` Veterans Celebrate ` Victory Day ‘ and Their Memories of World War II ‘

#AceHistory2Research – VETERANS VICTORY DAY – May 09 – Sergey Blinov was a bomber aircraft pilot, who since the start of the war against the Soviet Union in 1941 was regularly asking his chiefs for being sent to the war zone.

He was allowed to do so in 1942, when Nazis were getting closer to Stalingrad. Blinov had managed to carry out several successful missions before a fatal one, in which his plane was downed by Nazi machine-gun fire.

Aleksandr Panin (above) went to war straight after military school.

By 1944 he was commander of squadron.

Mikhail Vecher (center) fought with the Tyumen rifle division, which took part in military actions around the Karelia region in north-western Russia. After the war he wrote a book “From Tyumen to Kirkines: on operation record of the 368th Pecheng Order of the Red Banner rifle division.” The picture was taken in Karelia in 1943.

Vera Panina was typewriter at the historic Tehran conference in 1943, which was where the “Big Three” Allied leaders (the USSR, the US, and the UK) gathered for the first time.

Mikhail Nikolsky, battery sergeant-major at the 661st rifle regiment, joined the army three days after the Nazi invaded the USSR. Nikolsky was severely wounded on the head in November 1941, but recovered and made it all the way to Berlin in 1945.

Iosif Bregadze (on the right) served in the army during the entire length of the war – from 1941 till 1945. He was a surgeon and served at Bryansk front, later at 1st Belorussian front.

This picture is taken in Berlin near the Brandenburg Gates in 1945.

Mugalim Khalilov was deputy political commissar at one of the squadrons of 814th rifle regiment and was severely wounded in action.

The picture was taken just before the war in May, 1941.

Aleksandr Landyshev served as a border guard in Estonia when the war began. He fought the Nazis in some of the deadliest WWII battles, including the Siege of Leningrad, and the Battle of Königsberg, for which he was awarded a medal. Landyshev regularly posted his stories and poems to the frontline newspaper. He celebrated victory in East Prussia.

Nikolay Panov was drafted into the Soviet Army in 1943 at the age of 17. Born in the northern Russian city of Vologda, he fought his first battle in Ukraine and later took part in the liberation of Czechoslovakia from the Nazis. Twice injured in battles, he received a Medal of Valor.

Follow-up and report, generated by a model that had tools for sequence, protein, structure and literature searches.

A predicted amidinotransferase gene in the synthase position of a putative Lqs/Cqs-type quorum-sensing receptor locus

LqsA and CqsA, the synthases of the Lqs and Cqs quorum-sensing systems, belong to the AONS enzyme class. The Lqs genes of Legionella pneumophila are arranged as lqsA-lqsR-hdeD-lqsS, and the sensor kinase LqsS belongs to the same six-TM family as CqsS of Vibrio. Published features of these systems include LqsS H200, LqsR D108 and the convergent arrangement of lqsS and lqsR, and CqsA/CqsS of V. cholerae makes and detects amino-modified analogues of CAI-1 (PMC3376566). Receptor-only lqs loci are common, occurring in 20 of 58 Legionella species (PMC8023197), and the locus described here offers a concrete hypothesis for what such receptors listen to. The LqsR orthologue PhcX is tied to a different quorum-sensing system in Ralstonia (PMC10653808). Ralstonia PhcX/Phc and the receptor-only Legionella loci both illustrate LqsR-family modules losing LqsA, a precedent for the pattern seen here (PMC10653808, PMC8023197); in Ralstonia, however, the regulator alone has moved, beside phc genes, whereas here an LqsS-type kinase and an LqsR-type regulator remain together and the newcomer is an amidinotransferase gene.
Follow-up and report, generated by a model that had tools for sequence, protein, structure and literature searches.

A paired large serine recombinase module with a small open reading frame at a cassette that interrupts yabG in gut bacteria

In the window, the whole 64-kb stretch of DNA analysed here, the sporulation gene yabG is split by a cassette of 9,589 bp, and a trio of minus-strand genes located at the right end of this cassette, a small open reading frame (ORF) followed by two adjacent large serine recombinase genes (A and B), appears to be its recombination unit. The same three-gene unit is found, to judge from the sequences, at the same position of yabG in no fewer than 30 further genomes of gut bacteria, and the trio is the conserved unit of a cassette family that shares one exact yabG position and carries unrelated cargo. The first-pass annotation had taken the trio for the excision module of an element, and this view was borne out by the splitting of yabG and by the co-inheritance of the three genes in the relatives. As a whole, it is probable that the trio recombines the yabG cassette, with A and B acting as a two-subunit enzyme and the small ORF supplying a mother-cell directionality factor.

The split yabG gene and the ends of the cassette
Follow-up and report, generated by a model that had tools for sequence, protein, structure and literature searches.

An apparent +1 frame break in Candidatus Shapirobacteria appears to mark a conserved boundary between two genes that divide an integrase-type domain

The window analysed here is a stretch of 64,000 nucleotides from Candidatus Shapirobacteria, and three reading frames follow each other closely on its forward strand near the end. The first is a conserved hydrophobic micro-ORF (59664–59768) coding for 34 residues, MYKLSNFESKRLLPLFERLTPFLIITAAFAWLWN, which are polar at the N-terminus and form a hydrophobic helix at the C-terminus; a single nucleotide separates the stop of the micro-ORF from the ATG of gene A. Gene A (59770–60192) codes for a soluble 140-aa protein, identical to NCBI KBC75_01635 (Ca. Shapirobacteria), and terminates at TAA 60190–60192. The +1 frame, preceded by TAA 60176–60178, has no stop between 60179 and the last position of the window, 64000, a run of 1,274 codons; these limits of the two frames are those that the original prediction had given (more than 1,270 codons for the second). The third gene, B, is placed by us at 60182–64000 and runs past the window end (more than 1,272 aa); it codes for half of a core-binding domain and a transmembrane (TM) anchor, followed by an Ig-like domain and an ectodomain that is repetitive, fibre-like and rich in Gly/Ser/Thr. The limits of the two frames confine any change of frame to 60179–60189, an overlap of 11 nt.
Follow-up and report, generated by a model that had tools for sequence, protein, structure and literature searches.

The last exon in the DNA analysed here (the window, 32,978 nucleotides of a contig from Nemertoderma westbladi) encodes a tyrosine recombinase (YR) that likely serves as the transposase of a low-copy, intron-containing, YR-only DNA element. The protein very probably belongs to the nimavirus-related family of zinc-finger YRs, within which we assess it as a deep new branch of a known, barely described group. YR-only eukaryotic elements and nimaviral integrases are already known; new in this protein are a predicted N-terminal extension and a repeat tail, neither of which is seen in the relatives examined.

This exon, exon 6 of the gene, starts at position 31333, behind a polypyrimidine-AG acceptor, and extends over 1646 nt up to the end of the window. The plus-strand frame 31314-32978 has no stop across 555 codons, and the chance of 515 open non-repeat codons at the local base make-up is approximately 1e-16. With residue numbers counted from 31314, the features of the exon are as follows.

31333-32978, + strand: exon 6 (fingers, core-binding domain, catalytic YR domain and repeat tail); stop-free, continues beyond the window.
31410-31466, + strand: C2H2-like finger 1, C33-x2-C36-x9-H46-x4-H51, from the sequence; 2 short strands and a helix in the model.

Galina Samkova (lower row center) volunteered to serve in the Baltic Fleet when she was 17. To pass the Soviet Navy’s size requirements, she stuffed some cloth in her shoes to look a bit taller. For five years Samkova fought near Leningrad and survived the city’s blockade.

Veniamin Karpov was a military pilot. Starting the war at the Battle of Moscow, he fought for Belarus and Königsberg (now Kaliningrad). Here, he is pictured in January 1945 in East Prussia.

Courtesy of the Russian Times Staff and Editors

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` Petrograd Telegraph Agency (PTA) ‘

#AceHistory2Research – On August 19, 1914, one day after Tsar Nicholas the Second ruled to rename St. Petersburg into Petrograd, SPTA changed its name accordingly and became the Petrograd Telegraph Agency (PTA).

During the Bolshevik revolution on October 25 (November 7) 1917 the PTA building in Pochtampt Street was seized by revolutionary Baltic Fleet seamen headed by Military Commissar Leonid Stark. The first reports written by Stark about the Bolshevik revolution were immediately wired by PTA to the whole world.

On November 18 (December 1) 1917 the Bolshevik government (Sovnarkom) decreed PTA to become the central government information agency. In March 1918 PTA moved to Moscow where it merged in June with the Press bureau of the government…

Related News – Part One – Extract – On December 31, 1909 the agency was subordinated directly to the Council of Ministers upon a submission of Prime Minister Petr Stolypin – http://wp.me/p48Dp0-bw

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